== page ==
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food waste

Agencies collaborate to reduce food waste

USDA, FDA and EPA release 6-point strategy to reduce food waste.

The USDA, the U.S. Environmental Protection Agency and the U.S. Food and Drug Administration released a federal interagency strategy to address food waste. The agencies held an event April 9 at EPA headquarters to hear from state, local and community leaders and other stakeholders on how all levels of government can work together to reduce food waste.

“Our nation’s agricultural abundance should be used to nourish those in need, not fill the trash,” said U.S. Agriculture Secretary Sonny Perdue. “As the world’s population continues to grow to nearly 10 billion people by 2050 and the food systems continue to evolve, now is the time for action to educate consumers and businesses alike on the need for food waste reduction. I look forward to what the future holds on this initiative and how we can work together to change the hearts and minds of Americans to reduce food waste.”

“The new strategy prioritizes six key action areas, such as improving consumer education and food labeling, that will help us maximize the value of our food resources,” said EPA Administrator Andrew Wheeler. “Today’s event brought together key federal, state, and private partners to further collaboration on innovative food waste solutions.”

“The issue of food safety and food waste are intertwined, with research showing that there is confusion over the meaning behind date labeling terminology on food packages that have an adverse effect on food waste. Contrary to popular beliefs, date labeling on food packages are often intended to communicate time ranges for optimal food quality, not safety,” said FDA Deputy Commissioner Frank Yiannas. “With more than one-third of all available food uneaten through waste or loss and 1 in 6 Americans suffering a foodborne illness each year, it’s clear that many people are unnecessarily discarding food in fear of food safety issues. This is why the FDA is focused on taking steps to make date labeling on foods clearer and easier for consumers to determine when a food should be discarded. We remain committed to working with the EPA and USDA to better educate Americans on how to reduce food waste and how to do it safely.”

The interagency strategy, Winning on Reducing Food Waste FY 2019-2020 Federal Interagency Strategy, includes six key priority areas the agencies will work together on over the next year:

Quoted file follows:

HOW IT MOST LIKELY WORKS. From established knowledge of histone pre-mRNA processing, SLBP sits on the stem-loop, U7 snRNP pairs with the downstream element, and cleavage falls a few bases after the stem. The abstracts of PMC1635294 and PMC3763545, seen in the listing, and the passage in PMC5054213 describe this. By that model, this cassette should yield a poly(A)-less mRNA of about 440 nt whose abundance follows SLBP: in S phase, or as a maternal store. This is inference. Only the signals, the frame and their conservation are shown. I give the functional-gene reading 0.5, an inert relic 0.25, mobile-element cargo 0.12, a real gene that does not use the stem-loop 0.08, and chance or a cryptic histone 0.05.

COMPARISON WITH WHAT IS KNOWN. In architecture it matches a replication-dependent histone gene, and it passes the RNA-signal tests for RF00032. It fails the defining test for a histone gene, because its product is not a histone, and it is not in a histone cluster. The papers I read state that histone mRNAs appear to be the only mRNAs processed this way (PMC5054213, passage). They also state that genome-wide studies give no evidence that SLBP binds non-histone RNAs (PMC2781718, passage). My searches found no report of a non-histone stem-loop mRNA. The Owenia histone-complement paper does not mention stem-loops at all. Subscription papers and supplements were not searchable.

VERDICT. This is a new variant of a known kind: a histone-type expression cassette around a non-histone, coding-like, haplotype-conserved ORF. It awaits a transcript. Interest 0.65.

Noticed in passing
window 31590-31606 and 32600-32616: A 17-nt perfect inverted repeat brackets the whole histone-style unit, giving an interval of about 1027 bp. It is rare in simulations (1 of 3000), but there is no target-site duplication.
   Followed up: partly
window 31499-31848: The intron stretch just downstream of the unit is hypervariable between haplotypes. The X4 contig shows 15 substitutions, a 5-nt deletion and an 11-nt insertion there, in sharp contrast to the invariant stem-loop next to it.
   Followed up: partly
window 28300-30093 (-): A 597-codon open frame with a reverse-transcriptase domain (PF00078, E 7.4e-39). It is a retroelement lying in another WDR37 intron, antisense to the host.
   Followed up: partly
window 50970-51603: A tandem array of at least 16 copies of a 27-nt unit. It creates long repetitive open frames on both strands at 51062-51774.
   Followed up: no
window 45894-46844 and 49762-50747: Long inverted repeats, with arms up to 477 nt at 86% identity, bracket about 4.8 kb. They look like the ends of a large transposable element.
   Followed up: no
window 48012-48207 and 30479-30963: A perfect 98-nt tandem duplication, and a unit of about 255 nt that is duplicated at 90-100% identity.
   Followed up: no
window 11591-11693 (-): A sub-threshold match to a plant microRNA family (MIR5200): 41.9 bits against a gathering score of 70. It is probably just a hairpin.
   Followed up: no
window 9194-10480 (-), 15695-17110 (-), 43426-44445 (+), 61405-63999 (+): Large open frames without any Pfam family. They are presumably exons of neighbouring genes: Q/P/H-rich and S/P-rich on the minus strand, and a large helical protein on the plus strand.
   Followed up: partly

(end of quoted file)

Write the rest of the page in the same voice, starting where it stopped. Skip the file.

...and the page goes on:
1. Enhance interagency coordination
  2. Increase consumer education and outreach efforts
  3. Improve coordination and guidance on food loss and waste measurement
  4. Clarify and communicate information on food safety, food date labels, and food donations
  5. Collaborate with private industry to reduce food loss and waste across the supply chain
  6. Encourage food waste reduction by federal agencies in their respective facilities

At the event, the agencies announced a joint agreement signed between the agencies and ReFED, Inc. to better evaluate and improve upon strategies to reduce food loss and waste.

The announcements and stakeholder event were key steps in moving forward with the formal agreement signed by all three federal agencies in 2018 announcing the Winning on Reducing Food Waste Initiative. The Winning on Reducing Food Waste Initiative is a collaborative effort among USDA, EPA, and FDA to reduce food loss and waste through combined and agency-specific action.

The EPA announced the city of Madison, Wisconsin, Vermont Department of Environmental Conservation, and Washington State University’s Energy Program have been selected to receive funding for projects to help reduce food waste and loss and divert food waste from landfills by expanding anaerobic digester capacity in the United States. The projects further the Winning on Reducing Food Waste Initiative.

Source: USDA, EPA, which is solely responsible for the information provided and is wholly owned by the source. Informa Business Media and all its subsidiaries are not responsible for any of the content contained in this information asset
TAGS: USDA EPA
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